How Diabetes Can Affect Your Brain

Medically reviewed in September 2021

There’s a reason Sam Gandy, MD, PhD, was dubbed a “Rock Star of Science” by GQ magazine a few years back. Dr. Gandy, professor of neurology and psychiatry at New York City’s Mount Sinai School of Medicine, uncovered a major clue in a mystery that has long puzzled doctors: Why are people with type 2 diabetes up to three times more likely to develop Alzheimer’s disease? For the nearly 26 million Americans who have diabetes, Dr. Gandy’s answer could be a compelling reason to follow some old, standard advice.

Sharecare talked to Dr. Gandy and got the latest.

The Diabetes-Alzheimer’s Connection: Diabetes and Alzheimer’s disease seem to have little in common. Type 2 diabetes starts to develop when the body stops using the hormone insulin efficiently, a condition known as insulin resistance. The cause of Alzheimer’s disease is still being studied, but a key culprit appears to be a sticky substance called amyloid that builds up in the brain and interferes with communication between cells.

By studying mice, Dr. Gandy and his colleagues made a stunning discovery: The gene that controls for insulin resistance also regulates the production of amyloid. When the gene is missing or doesn’t work as it should, the risk for diabetes goes up – and so does the level of amyloid in the brain. Sure enough, mice that Dr. Gandy’s team bred to lack the gene had learning and memory problems. Dr. Gandy believes this breakthrough could help scientists develop new medications for preventing and treating Alzheimer’s disease, which afflicts about 5 million Americans.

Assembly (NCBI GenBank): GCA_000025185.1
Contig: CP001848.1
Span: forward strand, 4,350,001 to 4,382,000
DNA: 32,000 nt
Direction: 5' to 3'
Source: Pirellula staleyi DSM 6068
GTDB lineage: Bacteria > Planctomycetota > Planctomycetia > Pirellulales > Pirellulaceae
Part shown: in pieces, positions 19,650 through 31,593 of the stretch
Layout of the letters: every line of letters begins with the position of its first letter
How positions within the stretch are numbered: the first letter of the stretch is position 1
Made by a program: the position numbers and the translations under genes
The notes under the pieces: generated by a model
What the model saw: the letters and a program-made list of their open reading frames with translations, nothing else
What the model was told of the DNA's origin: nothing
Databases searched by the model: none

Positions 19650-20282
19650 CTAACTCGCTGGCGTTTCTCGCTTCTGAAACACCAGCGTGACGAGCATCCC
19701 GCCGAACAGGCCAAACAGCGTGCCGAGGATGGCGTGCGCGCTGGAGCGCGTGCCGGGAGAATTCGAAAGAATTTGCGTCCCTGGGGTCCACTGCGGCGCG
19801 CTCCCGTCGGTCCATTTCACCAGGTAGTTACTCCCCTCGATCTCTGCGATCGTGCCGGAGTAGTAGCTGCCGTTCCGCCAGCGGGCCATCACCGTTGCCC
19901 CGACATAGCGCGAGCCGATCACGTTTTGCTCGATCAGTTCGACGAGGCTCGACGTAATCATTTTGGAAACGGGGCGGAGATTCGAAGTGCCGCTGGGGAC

Takeaway Advice: Get plenty of exercise. It’s a must for managing type 2 diabetes, but physical activity keeps the brain healthy, too. Jogging, tennis, and any form of exercise gives your thinking muscle a serious workout. “It takes an enormous amount of brain activity to coordinate physical movement,” says Dr. Gandy. What’s more, exercise triggers the brain to produce new neurons, or nerve cells, which can replace old, damaged ones.

Gandy’s Prediction: Brain scans for early signs of Alzheimer’s will become available in the not-to-distant future. In fact, the scans will be as common as screening tests such as mammograms and colonoscopies. “Hopefully, by then we’ll have effective interventions and be able to prevent Alzheimer’s from ever happening,” he says.

Call to Action: Write your congressional representative and ask for more funding for Alzheimer’s research. “Alzheimer’s research is underfunded,” says Dr. Gandy, noting that much more money is spent studying other diseases that will afflict far fewer people.

Oddball Fact: When Dr. Gandy was photographed for GQ with several other scientists and will i. am of the Black Eyed Peas, the photographer asked Gandy, who is right-handed, to snap his fingers with his left hand. Says Dr. Gandy: “Everyone in the picture is laughing because I had such a hard time getting the beat with my left hand.”

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